You Spin Me Round
April 24, 2015 4:22 AM   Subscribe

Here's a neat browser toy where you can play with gravitation interaction and make planetary orbits...or horribly destabilize them.
posted by polywomp (44 comments total) 51 users marked this as a favorite
 
(Requires Flash)
posted by ardgedee at 5:17 AM on April 24, 2015 [1 favorite]


What's flash?
posted by Samuel Farrow at 5:28 AM on April 24, 2015 [1 favorite]


Click the Huge or OMFG size at the bottom left, and checkmark Paths. Place a big object, then try to orbit various sizes by dragging a blue line and releasing it.
posted by jjj606 at 5:29 AM on April 24, 2015


Fun!
posted by sidereal at 5:41 AM on April 24, 2015 [1 favorite]


You can type in any arbitrary number in to the mass box, but anything larger than OMFG size seems to make the system incredibly unstable, either by sucking in all the other bodies or launching them far, far away.

Binary systems seem to be difficult to keep in one place. I can get two OMFG bodies to orbit each other, but the pair tend to wander. Getting a stable orbit for a planet with a moon also in a stable orbit is also pretty hard.
posted by backseatpilot at 5:54 AM on April 24, 2015


Oh that proto disk is awesome!
posted by Bugbread at 5:59 AM on April 24, 2015 [2 favorites]


Yep, I'll be playing with this all day.
posted by Foosnark at 6:09 AM on April 24, 2015


I so want to be able to make a moon that revolves around a planet that revolves around a sun, but man, that's incredibly impossible.
posted by Bugbread at 6:15 AM on April 24, 2015 [1 favorite]


> Oh that proto disk is awesome!

Came here to post exactly that. What I can't tell though, is if the objects already have some velocity applied or if the spinning of the disc is an effect of gravity on a disk of non-uniform density, or if it's something else entirely. Anyone know what's going on there?
posted by noneuclidean at 6:16 AM on April 24, 2015 [1 favorite]


I think the spin might be derived from the collapse, since some objects end up orbiting backwards. I'm not sure.
posted by polywomp at 6:20 AM on April 24, 2015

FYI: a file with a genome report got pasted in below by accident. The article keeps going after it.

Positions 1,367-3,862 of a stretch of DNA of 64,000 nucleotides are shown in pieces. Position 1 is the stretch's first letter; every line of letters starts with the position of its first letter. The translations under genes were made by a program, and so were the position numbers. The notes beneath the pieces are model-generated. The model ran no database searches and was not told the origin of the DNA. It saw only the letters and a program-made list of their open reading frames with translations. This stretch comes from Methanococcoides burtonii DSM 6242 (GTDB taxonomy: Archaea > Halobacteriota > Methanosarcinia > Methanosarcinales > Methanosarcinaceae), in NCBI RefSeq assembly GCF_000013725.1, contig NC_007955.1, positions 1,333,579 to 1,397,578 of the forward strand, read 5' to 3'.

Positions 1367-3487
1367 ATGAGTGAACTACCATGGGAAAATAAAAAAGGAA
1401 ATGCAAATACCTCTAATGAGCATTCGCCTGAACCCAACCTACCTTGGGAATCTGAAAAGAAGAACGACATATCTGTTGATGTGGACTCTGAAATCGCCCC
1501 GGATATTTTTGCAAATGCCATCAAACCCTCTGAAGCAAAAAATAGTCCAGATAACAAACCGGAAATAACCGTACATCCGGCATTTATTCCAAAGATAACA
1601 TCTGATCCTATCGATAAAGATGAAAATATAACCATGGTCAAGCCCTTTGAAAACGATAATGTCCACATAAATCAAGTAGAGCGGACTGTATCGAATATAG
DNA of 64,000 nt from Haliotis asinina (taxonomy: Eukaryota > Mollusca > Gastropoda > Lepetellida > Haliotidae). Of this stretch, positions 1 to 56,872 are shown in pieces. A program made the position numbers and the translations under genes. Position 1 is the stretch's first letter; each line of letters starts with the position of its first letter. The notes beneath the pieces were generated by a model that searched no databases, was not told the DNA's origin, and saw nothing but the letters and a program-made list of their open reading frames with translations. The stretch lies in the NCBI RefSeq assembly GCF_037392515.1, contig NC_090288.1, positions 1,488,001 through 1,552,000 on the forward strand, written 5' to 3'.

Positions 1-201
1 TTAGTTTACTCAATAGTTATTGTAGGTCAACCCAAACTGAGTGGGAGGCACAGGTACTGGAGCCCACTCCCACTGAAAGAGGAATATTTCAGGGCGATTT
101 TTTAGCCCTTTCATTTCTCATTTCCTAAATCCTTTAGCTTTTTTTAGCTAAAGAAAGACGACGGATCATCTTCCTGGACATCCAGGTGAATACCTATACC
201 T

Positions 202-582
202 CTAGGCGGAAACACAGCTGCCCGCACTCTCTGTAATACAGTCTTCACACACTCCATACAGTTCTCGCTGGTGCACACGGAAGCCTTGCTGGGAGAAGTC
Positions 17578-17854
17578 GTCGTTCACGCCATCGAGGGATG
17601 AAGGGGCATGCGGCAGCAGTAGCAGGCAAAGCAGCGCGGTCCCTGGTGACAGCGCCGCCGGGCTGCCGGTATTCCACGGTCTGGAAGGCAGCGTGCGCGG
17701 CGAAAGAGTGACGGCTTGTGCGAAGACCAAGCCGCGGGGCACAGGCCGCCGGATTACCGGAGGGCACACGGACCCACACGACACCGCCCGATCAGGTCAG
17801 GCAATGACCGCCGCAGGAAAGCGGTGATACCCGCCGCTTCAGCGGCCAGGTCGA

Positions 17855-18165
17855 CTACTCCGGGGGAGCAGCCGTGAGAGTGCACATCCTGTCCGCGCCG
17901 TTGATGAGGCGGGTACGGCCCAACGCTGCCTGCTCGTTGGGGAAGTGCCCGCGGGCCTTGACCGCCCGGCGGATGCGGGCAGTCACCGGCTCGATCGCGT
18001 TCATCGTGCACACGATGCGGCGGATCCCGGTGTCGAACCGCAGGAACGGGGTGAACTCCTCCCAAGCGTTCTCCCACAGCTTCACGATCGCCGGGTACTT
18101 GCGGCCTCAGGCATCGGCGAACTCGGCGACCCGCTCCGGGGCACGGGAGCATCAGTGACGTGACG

This was posted on metafilter before (not as an FPP, but I think as a comment in an ask somewhere... ahha, here) and it has kept me idly amused every now and then for the last 6 months.
posted by Just this guy, y'know at 6:22 AM on April 24, 2015 [1 favorite]


Neat! Been running this in the background for a while now.
posted by carter at 6:24 AM on April 24, 2015


I'm pretty sure they all start with a velocity at a right angle to the center of the disk.
posted by Bugbread at 6:24 AM on April 24, 2015


This is so nice!

It's wonderful and meditative to build a static system, turn on view paths and watch the slow mathematical dance of these gentle spiraling bodies play out on the screen, all of them oblivious to the fact that you are about to drop an OMFG right in the middle and destroy them all.
posted by dirtdirt at 6:31 AM on April 24, 2015 [8 favorites]


If only there were an app like this that modeled in 3 dimensions, that allowed you to fine-tune the properties of each object, save your creations, speed up and slow down time, and really play with the evolution of a sandbox solar system complete with moons and rings and stuff.

Oh hey, there is! Check out Universe Sandbox.
posted by General Tonic at 6:53 AM on April 24, 2015 [6 favorites]


It's neat, you can build an elliptical orbit by putting an object 1-2 orders of magnitude larger at a static point and starting a smaller object on a course perpendicular to its ultimate orbit. The smaller object cause deflection in the large object on the close end of the ellipse, which creates rather lovely spirals.
posted by graymouser at 6:55 AM on April 24, 2015